I love baseball. I always have. This week’s blog will discuss aspects of Mental, Emotional, Spiritual, and Physical FITness relative to baseball. Though my focus is applying the discussion to the game of baseball, it is applicable to sport and life in general.
Baseball is becoming more and more analytics driven. Number crunching. Good hard data is helpful in many ways and this will continue to be a big part of the future of the game. I came across an interesting article that points out how the importance of the psychology of baseball must also be considered and used. The article discusses how analytically driven baseball is becoming. It also discusses how the human side must and should be factored in. Because baseball is a game of failure, resiliency and your ability to bounce back after failure is vital to success in the game. You can check out the article here. It’s a great read and I encourage it, especially if you are a baseball or softball player!
Think about it.
Mookie Betts led the AL in batting last season. His batting average was .346. What does that mean? He failed to get a hit, on average, 65 of every 100 at bats over the course of the season. He was the best in the American League and he only succeeded 45 of every 100 times. He, the best hitter in the AL last season, failed more than he succeeded.
If the beast hitter (by average) in the game last year failed 65% of the time, why do youth athletes, parents, and coaches fail to realize the importance of learning how to fail? Especially when we are going to fail more frequently than we succeed. In fact, you can execute everything perfectly well and still fail. Nothings is worse than squaring up a pitch, hitting it hard, but still getting out because you lined it right at someone. What’s more frustrating in baseball (or softball) right?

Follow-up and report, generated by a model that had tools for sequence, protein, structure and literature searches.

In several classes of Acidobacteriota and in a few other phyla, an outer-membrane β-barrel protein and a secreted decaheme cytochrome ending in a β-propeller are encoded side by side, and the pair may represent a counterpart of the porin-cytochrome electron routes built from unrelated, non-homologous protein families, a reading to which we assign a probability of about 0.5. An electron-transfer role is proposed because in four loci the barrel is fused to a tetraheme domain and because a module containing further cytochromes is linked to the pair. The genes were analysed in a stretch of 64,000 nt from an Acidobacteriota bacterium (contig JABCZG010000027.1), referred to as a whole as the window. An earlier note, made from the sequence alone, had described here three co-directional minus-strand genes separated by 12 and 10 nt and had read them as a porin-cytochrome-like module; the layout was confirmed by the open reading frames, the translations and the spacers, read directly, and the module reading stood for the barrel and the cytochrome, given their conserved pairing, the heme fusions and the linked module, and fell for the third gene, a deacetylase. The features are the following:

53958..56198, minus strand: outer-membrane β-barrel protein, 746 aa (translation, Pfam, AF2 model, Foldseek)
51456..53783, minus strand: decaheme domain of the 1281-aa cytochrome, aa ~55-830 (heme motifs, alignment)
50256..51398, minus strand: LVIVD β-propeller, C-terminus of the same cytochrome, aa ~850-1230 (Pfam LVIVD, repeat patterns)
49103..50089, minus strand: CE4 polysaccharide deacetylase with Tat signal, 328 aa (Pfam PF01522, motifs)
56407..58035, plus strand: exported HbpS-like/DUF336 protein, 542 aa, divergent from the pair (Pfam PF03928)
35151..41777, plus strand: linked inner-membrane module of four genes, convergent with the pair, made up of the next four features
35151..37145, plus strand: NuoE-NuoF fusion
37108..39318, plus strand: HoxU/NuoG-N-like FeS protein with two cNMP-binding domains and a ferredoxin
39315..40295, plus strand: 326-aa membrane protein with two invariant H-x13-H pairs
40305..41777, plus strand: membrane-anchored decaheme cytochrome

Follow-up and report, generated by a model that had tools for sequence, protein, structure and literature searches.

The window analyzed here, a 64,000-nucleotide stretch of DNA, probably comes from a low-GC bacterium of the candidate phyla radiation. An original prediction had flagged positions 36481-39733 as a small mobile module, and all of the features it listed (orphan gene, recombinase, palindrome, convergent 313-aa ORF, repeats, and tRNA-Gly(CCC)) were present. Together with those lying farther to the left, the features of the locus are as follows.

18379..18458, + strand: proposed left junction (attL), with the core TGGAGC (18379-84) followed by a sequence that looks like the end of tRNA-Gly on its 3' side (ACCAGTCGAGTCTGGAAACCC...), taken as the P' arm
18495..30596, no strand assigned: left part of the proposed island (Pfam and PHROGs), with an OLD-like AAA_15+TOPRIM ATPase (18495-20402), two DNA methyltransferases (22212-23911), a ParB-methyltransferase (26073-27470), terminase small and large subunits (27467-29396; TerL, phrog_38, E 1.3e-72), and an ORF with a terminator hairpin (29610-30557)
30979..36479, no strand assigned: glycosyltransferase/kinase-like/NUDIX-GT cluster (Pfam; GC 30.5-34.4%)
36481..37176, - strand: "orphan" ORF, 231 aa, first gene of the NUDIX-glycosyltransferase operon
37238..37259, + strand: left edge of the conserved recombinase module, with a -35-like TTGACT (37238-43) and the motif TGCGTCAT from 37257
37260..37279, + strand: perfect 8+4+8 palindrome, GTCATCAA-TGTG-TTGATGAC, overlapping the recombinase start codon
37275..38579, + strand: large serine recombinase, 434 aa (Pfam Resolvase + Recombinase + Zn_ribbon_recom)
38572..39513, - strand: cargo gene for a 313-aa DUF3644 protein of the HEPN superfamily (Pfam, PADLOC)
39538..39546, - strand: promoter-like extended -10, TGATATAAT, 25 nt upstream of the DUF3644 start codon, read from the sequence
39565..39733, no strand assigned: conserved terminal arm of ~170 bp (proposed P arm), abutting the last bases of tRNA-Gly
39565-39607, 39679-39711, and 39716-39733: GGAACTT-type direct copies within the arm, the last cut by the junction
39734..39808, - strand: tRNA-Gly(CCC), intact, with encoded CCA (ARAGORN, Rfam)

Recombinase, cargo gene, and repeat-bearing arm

Learning how to fail, and bounce back is vital to future success. It’s called many things; resilience, grit, mental toughness, etc. But, it all boils down to your ability to fail and recover quickly so that you can keep going.
I recently came across a blog on stress and anxiety in Major League Baseball. The article discussed several players who had to take time away from the game due to “non-physical issues.” This points to the importance of learning how to effectively manage stress and anxiety.
The article also discusses the increasing use of statistics and data in MLB which could be a contributing factor in increased stress and anxiety. The trend isn’t going to change.
So, what can be done?
Learn effective techniques for managing stress and anxiety!
Progressive relaxation techniques, sports imagery techniques, mindfulness, meditation, time away from your sport for recovery, yoga, deep breathing, square breathing, etc.
There are many techniques. The key is finding what works for you and sticking with it!
Today’s Physical FITness topic is sleep. I became interested in this subject as many of the young middle and especially high school athletes with whom I have had the opportunity to work seem to get less sleep than is needed.
I wrote a prior blog on this subject in March of last year titled “Sleep and Peak Athletic Performance.” You can refer to it here.
It continues to be a subject I come back to frequently. There is a lot of research on the impact of sleep deprivation. One study I recently reviewed looked at the impact of increased sleep on basketball performance. This study was done at Stanford. It examined the impact of increased sleep on the performance of basketball players. The result, by increasing average nightly sleep time, performance improved across several measured skills. Here is a link to the study.
Another study looked at extended sleep but also examined the time of day the athletic activity occurred. Have you ever noticed how the same team can be quite skilled but maybe do poorly during early morning games? This may explain part of it. Sleep and circadian rhythms may be a factor. Here is the study.